S. Korea urged to have proper approach to inter-Korean relations
Date: 24/06/2017 | Source: Pyongyang Times | Read original version at source
“The south Korean ruler should stop making reckless and foolish remarks that get on the other party’s nerves and properly approach north-south relations,” a spokesman for the DPRK Committee for the Peaceful Reunification of the Country told KCNA on June 21.
The statement came as the present south Korean ruler is badmouthing the DPRK, finding fault with it.
The spokesman said that he makes sour remarks very often while arguing for implementing the north-south agreements and settling issues through dialogue.
Contrary to the promises he made on inter-Korean relations during the presidential campaign, he let out a stream of invective at both official and unofficial events against the DPRK’s measures to build up its nuclear force, saying that “what the north can get from provocation is only international isolation and economic difficulties” and “it (south Korea) should pressurize and apply sanctions against the north through the strong cooperation with the international community”.
In a congratulatory speech at an event to commemorate the 17th anniversary of the June 15 2000 north-south summit, he groundlessly criticized the DPRK, arguing “the north’s nuclear and missile programmes are a serious concern threatening peace and stability of the region and international community” and “the north fails to match its words with actions by upgrading its nuclear weapons and missiles although it urges the south to respect and implement the June 15 Joint Declaration and the October 4 Declaration”.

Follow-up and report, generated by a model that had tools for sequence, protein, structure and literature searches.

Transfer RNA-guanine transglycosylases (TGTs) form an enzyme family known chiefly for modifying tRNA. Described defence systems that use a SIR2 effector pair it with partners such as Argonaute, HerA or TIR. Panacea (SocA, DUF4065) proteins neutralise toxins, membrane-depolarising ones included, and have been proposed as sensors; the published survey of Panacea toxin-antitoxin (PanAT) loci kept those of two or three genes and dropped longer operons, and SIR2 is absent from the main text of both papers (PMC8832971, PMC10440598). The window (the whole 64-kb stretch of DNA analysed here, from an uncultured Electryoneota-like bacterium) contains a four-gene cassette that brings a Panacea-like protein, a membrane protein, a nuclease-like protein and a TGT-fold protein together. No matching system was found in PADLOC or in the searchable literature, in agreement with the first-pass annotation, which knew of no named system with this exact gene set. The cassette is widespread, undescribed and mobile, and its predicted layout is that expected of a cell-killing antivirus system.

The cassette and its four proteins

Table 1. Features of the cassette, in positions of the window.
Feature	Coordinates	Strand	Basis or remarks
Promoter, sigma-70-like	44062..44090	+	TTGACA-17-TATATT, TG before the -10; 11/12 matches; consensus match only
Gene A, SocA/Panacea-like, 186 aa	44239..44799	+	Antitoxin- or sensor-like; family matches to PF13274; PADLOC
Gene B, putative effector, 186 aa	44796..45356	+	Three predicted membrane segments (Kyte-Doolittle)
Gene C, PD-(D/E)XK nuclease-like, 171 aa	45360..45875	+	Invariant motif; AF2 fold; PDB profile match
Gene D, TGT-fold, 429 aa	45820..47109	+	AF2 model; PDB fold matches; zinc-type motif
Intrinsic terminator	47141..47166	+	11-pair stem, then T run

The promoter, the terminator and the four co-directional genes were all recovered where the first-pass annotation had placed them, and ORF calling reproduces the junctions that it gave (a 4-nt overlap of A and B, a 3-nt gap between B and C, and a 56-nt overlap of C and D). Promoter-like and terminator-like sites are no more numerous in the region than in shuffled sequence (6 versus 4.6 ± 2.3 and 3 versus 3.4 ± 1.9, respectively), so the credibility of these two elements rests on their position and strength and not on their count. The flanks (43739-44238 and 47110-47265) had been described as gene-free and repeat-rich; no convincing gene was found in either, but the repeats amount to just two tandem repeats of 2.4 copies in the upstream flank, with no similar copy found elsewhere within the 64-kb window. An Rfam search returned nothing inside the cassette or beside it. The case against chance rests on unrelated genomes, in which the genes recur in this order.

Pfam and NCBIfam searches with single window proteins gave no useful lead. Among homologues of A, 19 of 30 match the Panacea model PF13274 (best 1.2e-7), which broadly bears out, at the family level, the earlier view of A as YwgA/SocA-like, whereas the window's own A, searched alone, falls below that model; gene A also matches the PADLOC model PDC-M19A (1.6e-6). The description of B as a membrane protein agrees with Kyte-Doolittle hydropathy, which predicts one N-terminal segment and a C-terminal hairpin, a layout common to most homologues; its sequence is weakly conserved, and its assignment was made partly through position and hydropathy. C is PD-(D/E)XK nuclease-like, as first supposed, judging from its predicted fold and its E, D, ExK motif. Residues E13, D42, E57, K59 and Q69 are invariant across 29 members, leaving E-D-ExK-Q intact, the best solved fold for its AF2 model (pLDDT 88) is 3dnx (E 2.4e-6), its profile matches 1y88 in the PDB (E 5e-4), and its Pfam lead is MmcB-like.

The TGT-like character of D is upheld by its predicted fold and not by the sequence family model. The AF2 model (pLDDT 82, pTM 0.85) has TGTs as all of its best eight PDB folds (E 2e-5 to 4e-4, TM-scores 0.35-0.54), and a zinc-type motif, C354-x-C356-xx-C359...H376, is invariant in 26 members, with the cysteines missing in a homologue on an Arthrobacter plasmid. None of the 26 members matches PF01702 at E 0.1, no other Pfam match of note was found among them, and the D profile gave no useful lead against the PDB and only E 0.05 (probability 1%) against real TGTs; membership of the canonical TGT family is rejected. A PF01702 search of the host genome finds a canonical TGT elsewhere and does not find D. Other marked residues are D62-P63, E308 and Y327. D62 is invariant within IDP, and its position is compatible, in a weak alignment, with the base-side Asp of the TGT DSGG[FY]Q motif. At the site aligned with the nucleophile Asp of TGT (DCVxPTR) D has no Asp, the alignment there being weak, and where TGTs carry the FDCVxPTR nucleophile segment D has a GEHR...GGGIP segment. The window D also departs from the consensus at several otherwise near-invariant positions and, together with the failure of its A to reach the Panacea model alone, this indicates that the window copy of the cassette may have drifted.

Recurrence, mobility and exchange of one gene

It is needless to say that he is playing a trick to shift the blame for the impasse in relations on to the DPRK, the spokesman stated.
The problem is, he added, that he feigns ignorance of the criminal acts of the US and local conservatives that gave rise to the Korean peninsula nuclear issue and brought relations to an all-time low, but groundlessly picks a quarrel with the DPRK’s measures to bolster up its self-defensive nuclear force.